generational relationships
Generational Relationships
  • The relationship between Michael and Hanna is unusual.
  • When their relationship begins, Michael is 15 and Hanna is 36. When their relationship ends, at the time of Hanna's suicide, Michael is 40, and Hanna is 61.
  • Michael was born in the last months of the war and grew up in an occupied society, wracked with guilt and internationally condemned for its previous activities.
  • Hanna belongs to the generation of Michael's parents, yet he finds in her his lifelong love.
  • Michael also has abortive relationships with other women, Sophie and Gertrud, for example. The collapses are of his own generation. Yet, he is unable to connect to them in any significant way. Michael is similarly unable to connect to his child. He is only able to find a meaningful relationship with Hanna, who represents many of the worst aspects the past has to offer.
generational relationships1
Generational Relationships
  • When Michael is in law school, he spends a great deal of time thinking about the concepts of collective guilt for which he, along with his fellow students, universally condemns his parents' generation.
  • The culture of the times is presented as being deeply divided by a consciousness of deliberate and painful separation of generations.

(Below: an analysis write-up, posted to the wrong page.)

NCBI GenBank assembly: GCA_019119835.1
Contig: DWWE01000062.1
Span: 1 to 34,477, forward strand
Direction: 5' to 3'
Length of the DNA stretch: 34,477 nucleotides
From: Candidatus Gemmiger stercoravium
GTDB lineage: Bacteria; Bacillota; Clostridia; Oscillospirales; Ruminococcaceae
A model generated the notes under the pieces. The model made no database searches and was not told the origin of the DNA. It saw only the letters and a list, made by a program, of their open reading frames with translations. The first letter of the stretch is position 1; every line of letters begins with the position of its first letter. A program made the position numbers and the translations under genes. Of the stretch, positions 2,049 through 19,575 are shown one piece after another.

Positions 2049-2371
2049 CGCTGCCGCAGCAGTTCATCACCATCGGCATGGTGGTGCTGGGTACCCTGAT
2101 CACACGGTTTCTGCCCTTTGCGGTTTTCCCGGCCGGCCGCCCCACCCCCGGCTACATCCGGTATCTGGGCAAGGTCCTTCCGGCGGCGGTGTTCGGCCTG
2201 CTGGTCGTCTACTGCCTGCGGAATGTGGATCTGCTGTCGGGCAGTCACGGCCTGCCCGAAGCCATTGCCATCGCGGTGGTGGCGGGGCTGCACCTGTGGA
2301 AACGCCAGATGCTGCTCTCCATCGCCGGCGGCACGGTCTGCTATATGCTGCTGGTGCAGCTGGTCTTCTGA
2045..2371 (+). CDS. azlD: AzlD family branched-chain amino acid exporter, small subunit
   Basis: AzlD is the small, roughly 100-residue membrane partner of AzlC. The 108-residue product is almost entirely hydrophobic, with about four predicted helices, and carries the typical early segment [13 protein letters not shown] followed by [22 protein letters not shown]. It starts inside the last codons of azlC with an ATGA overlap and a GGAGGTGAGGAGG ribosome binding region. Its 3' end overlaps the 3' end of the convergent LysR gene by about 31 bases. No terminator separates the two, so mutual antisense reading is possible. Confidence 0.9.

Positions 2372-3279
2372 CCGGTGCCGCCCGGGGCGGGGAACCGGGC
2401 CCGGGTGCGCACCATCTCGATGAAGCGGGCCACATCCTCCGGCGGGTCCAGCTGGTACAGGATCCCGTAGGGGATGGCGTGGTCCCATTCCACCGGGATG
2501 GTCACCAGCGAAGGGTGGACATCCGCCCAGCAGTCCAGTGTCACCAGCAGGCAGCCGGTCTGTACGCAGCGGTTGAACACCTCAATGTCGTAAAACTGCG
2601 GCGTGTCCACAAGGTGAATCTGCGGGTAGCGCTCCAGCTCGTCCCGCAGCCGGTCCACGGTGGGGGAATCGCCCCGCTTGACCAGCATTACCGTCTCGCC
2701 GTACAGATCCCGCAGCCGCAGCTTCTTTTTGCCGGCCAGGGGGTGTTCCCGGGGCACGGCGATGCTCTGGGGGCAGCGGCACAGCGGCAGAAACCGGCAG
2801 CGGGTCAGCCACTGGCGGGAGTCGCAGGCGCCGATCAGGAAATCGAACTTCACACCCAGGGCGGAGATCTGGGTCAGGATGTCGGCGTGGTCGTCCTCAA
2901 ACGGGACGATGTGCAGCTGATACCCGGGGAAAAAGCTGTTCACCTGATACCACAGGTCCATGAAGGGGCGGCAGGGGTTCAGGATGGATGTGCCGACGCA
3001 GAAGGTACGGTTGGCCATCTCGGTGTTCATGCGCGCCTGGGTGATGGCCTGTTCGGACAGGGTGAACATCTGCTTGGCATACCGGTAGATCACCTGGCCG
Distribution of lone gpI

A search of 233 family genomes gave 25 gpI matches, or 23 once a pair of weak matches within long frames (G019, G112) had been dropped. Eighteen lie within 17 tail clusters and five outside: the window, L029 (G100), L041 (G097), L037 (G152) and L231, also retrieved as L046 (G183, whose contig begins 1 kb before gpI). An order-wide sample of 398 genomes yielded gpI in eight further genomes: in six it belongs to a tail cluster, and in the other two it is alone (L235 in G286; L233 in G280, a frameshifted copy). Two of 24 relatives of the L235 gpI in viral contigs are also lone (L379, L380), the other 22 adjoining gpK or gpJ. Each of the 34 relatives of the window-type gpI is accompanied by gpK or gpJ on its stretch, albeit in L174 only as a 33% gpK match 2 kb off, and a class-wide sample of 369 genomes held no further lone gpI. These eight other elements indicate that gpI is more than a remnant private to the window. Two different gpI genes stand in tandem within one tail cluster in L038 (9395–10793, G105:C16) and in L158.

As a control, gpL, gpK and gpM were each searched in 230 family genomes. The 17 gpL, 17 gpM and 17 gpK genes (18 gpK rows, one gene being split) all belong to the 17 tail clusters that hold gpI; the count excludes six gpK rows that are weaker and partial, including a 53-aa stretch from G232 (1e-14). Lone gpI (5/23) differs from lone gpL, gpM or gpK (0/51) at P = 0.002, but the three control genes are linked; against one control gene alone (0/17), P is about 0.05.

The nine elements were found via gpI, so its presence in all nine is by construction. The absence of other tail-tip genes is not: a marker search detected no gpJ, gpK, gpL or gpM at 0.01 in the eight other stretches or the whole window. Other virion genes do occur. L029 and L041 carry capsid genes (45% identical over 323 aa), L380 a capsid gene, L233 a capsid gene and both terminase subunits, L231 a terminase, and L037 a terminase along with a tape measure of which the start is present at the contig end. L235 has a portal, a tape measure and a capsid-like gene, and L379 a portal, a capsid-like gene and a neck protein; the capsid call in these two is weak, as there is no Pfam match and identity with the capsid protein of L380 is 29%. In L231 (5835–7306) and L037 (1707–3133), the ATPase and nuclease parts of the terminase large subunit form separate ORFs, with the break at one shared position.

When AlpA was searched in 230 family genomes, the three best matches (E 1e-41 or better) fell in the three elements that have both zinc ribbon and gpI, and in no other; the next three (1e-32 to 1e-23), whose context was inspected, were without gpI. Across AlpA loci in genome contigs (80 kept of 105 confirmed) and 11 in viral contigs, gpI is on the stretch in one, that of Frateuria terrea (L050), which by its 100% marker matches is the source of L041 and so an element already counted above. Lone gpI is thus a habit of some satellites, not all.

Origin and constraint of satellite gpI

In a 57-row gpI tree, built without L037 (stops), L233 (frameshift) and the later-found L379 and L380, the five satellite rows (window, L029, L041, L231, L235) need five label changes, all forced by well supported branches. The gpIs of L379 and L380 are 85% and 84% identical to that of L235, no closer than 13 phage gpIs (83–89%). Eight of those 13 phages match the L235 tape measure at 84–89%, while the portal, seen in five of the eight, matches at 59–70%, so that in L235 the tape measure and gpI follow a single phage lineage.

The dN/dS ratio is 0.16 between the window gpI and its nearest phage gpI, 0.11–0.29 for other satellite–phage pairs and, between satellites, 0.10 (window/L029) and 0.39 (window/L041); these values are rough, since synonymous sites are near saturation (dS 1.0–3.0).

• This is signified in the novel by, for example, the student uprisings. Michael eventually comes to feel this deliberate distance between generations was a mistake that did not serve any constructive purpose.
  • Yet, the fact remains that the only durable relationships presented in the novel of Michael and Hanna, and the Holocaust survivor and her daughter, span the divisive generational conflict found in post-Holocaust West Germany.
style
Style

Author – Bernhard Schlink

Point of View

  • The novel is written in the first-person limited point of view. Michael Berg, the novel's primary character and protagonist, is also the narrator and in the final chapter claims to be the author of the supposed autobiographical text. This meta-fictional element constructs an artificial credibility within the text, which is supplemented by the authoritative writing.